Pervasive SQL query

Suppose I am working on a people table.
I want to return the names of people.
I'm looking to prompt the user 3 times (don't ask... long story).

Based on the results of the prompts I'll return:
The names of everyone (Prompts 1, 2 and 3 are 0)
or, if Prompt1 <> 0 those who are Prompt1 years old.
Unless Prompt2 <> 0 then I want all names that are >= Prompt1 and <= Prompt2.
Unless Prompt3 <>0.  Then it could be >= Prompt1 and <= Prompt2 AND = Prompt3.

Answers would be, perhaps:

Everyone
or
Everyone who is  35
or
Between 35 and 45
or
Between 35 and 45 AND all those age 60.

This is actually a construction accounting query that is using cost codes... I just thought that people and ages would be a simpler example to provide.

Using Pervasive 11
Sheldon LivingstonConsultantAsked:
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Bill BachPresident and Btrieve GuruCommented:
I would expect this to be a fairly simple extension to this issue:
    http://www.experts-exchange.com/Database/MS-SQL-Server/Q_28478909.html

Extending either the accepted solution (by adding terms to the WHERE clause that exactly mirror your criteria above) or the unaccepted solution (where you could use IF statements to create the correct WHERE clause based on the input values) would work.
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Sheldon LivingstonConsultantAuthor Commented:
I am doing this through ODBC and thus cannot access the database to create stored procedures.
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Bill BachPresident and Btrieve GuruCommented:
You mention "construction" -- are you using Timberline?  Timberline uses a custom ODBC driver (i.e. NOT the Pervasive one), so I would have to agree with you -- stored procedures are not likely possible.  However, with any other database using the PSQL ODBC drivers, you should be able to issue the CREATE statement through ODBC just fine.  In fact, the PSQL installer does this very thing when it creates the DemoData and PervasiveSysDB databases using the "pvddl" utility.  Just put the CREATE statement into a text file and pvddl does the rest.  (If you need to modify the proc, issue a DROP PROCEDURE statement first in the file.)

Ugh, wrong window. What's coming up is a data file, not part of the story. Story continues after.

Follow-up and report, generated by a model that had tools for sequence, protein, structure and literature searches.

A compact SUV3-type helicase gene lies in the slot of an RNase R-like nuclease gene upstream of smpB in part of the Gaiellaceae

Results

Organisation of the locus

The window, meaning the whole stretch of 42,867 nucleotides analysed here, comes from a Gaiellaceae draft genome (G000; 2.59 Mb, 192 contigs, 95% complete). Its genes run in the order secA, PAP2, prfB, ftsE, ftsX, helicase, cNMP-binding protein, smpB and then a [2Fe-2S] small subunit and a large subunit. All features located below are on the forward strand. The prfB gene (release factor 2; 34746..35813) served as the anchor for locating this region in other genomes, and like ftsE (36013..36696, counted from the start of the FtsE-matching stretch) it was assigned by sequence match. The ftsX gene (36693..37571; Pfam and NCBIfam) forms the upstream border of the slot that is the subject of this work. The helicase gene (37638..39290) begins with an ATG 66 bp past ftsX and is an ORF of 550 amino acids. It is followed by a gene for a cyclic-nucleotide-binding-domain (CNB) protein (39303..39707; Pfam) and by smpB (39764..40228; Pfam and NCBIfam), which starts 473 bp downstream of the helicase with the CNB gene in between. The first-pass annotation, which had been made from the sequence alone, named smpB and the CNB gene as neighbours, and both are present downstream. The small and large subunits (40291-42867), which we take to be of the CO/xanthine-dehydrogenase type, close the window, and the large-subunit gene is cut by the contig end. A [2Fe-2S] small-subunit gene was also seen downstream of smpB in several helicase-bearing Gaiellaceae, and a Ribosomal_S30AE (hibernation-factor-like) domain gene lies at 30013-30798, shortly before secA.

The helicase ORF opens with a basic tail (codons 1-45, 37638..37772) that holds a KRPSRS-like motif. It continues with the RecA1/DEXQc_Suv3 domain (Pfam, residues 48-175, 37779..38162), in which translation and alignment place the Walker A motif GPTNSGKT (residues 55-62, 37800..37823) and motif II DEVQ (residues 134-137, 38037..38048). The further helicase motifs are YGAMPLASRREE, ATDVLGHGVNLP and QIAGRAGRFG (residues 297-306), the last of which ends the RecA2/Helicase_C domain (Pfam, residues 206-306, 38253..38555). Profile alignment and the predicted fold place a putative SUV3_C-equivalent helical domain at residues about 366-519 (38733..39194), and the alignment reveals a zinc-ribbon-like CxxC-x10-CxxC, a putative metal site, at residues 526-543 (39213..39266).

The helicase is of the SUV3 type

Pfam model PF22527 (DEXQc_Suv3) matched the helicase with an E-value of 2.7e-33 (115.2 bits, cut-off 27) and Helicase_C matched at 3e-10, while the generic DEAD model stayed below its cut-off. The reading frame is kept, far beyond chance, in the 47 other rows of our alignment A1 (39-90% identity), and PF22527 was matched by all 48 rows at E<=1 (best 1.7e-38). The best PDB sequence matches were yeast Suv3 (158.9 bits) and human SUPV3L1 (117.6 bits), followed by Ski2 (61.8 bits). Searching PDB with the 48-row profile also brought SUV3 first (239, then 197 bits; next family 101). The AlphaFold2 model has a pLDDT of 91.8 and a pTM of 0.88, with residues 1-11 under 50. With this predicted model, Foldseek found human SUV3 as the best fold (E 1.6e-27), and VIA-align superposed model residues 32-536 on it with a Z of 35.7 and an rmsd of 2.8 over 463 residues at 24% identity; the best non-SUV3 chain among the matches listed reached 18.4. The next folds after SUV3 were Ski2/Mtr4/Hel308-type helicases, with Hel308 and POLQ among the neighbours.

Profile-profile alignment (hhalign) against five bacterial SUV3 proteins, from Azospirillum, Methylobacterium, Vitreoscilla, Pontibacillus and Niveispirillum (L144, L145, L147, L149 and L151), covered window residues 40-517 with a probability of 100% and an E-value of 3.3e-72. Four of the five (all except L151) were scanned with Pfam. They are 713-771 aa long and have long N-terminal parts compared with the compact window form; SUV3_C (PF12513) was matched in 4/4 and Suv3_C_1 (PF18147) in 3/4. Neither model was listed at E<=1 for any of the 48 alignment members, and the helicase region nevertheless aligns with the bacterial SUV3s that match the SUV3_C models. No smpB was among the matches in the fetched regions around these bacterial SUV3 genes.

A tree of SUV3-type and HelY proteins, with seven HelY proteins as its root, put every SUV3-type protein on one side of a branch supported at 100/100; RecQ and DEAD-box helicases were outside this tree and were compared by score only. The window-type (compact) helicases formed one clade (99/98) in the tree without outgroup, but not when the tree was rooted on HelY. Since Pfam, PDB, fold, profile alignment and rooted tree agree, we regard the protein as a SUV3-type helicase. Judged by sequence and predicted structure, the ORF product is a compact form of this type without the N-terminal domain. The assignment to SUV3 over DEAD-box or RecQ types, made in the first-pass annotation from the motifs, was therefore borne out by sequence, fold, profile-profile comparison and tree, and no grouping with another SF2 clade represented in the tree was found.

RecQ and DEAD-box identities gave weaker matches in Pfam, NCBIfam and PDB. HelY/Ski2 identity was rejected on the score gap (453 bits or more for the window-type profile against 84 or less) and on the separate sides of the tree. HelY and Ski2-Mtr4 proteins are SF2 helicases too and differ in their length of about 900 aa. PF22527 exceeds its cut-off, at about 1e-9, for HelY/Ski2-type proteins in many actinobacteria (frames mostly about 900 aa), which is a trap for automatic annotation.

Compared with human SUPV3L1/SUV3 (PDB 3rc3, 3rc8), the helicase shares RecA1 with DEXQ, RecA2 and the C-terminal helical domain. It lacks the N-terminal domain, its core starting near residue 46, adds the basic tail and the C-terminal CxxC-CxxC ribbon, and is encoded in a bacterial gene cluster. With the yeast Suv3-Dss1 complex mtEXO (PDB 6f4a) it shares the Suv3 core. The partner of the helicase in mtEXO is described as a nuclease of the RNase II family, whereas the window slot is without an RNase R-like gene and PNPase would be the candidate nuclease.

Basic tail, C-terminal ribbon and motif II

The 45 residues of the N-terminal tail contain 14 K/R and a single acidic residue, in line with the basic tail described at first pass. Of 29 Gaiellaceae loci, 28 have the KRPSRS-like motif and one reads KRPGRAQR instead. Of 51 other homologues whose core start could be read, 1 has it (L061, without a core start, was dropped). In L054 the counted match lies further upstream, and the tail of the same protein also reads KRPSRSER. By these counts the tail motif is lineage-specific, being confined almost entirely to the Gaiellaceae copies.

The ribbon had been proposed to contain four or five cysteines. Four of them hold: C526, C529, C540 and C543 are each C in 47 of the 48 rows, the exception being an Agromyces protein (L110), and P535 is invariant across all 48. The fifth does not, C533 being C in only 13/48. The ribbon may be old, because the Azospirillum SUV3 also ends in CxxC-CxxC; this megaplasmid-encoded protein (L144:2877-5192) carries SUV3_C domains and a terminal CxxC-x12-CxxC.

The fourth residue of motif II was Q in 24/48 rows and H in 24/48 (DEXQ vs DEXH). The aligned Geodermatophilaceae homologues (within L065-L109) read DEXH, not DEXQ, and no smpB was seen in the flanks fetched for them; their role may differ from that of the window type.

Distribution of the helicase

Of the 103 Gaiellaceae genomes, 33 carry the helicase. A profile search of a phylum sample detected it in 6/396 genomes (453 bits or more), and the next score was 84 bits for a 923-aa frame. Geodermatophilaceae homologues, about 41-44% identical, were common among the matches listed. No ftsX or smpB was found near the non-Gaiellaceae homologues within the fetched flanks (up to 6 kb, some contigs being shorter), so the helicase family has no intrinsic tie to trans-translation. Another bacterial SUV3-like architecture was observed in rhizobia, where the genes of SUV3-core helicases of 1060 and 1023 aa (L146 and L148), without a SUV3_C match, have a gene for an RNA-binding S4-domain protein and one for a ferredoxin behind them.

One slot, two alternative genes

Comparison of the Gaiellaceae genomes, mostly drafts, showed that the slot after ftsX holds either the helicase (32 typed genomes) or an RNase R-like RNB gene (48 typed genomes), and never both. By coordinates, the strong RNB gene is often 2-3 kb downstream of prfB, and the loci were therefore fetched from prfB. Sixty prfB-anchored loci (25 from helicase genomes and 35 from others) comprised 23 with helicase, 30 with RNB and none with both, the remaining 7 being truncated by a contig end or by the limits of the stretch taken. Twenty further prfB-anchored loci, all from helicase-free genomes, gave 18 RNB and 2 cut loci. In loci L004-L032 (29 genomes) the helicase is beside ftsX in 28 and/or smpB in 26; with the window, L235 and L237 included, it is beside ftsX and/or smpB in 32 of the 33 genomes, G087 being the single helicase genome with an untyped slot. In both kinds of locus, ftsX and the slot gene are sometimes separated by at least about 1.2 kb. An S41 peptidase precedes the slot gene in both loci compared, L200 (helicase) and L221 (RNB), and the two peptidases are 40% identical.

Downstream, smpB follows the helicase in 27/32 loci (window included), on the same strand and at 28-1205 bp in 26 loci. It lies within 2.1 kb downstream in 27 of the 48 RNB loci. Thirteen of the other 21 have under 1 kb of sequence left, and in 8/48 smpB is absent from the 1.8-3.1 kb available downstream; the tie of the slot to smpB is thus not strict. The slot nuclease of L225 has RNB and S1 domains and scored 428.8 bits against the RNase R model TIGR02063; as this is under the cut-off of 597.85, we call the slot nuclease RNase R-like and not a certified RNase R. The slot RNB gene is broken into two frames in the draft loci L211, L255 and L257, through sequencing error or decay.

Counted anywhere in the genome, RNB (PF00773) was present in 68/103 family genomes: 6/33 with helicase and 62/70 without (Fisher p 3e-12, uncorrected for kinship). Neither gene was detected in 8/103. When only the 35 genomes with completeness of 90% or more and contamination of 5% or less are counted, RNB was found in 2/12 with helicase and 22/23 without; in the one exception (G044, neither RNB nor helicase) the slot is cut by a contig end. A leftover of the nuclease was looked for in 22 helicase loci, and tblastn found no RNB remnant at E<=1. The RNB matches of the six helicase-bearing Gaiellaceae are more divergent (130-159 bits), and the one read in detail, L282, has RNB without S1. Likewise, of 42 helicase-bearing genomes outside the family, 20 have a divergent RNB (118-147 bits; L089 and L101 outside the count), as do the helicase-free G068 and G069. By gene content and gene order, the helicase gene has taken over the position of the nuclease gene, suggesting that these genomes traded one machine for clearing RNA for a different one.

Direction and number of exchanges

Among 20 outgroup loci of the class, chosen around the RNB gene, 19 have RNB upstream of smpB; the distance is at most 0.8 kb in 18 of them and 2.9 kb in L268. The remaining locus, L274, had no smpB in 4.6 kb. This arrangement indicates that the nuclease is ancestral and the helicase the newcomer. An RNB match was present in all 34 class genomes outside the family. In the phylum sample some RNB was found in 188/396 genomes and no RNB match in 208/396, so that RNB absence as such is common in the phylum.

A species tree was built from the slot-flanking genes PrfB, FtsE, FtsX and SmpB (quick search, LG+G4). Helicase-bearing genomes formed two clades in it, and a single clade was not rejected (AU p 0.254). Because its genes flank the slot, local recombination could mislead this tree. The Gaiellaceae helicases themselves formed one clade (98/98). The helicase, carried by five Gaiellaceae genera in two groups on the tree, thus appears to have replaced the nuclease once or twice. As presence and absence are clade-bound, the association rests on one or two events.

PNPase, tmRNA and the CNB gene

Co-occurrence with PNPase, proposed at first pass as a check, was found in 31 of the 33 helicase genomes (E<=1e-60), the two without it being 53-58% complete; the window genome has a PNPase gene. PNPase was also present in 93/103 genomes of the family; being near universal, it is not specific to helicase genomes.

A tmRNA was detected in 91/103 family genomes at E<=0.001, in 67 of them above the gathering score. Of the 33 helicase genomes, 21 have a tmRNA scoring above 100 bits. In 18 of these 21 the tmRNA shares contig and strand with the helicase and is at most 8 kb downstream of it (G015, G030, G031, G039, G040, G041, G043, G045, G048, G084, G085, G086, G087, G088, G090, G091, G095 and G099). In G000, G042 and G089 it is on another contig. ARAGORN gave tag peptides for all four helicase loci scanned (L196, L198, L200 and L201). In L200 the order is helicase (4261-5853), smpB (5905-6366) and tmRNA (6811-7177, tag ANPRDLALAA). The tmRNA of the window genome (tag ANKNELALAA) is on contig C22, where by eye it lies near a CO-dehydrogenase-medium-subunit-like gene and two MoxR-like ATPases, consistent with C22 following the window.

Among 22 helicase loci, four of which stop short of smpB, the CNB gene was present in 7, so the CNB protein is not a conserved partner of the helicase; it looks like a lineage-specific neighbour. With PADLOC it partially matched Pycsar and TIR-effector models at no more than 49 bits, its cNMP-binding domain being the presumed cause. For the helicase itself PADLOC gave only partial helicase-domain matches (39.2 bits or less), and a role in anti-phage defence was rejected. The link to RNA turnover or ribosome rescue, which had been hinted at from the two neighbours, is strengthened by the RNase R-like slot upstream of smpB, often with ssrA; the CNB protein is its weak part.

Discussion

The logic you need to do this from the WHERE clause is complicated, but not impossible.  You will have two components to each of your restrictions -- the restriction itself and the selection criteria.  Here's an example:
WHERE -- First criteria
((Prompt1=0 AND Prompt2=0 AND Prompt3=0) AND (1=1))
OR  -- Second Criteria
((Prompt1<>0 AND Prompt2=0 AND Prompt3=0) AND (age=35))
OR  -- Third Criteria
((Prompt1<>0 AND Prompt2<>0 AND Prompt3=0) AND (age >= Prompt1 AND age <=Prompt2))
OR  -- Fourth Criteria
((Prompt1<>0 AND Prompt2<>0 AND Prompt3<>0) AND ((age >= Prompt1 AND age <= Prompt2) OR age=Prompt3))

Obviously, you can tweak things and try to optimize if you wish -- but sometimes brute force is the simplest to write AND understand later.

Note that PSQL probably won't do a very good job of optimizing this query, and this query will likely run a full table-scan to look at every record.  If your data set is large, it will take a while.
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Sheldon LivingstonConsultantAuthor Commented:
You are correct... we are using Timberline.
I will attempt to use your soltion
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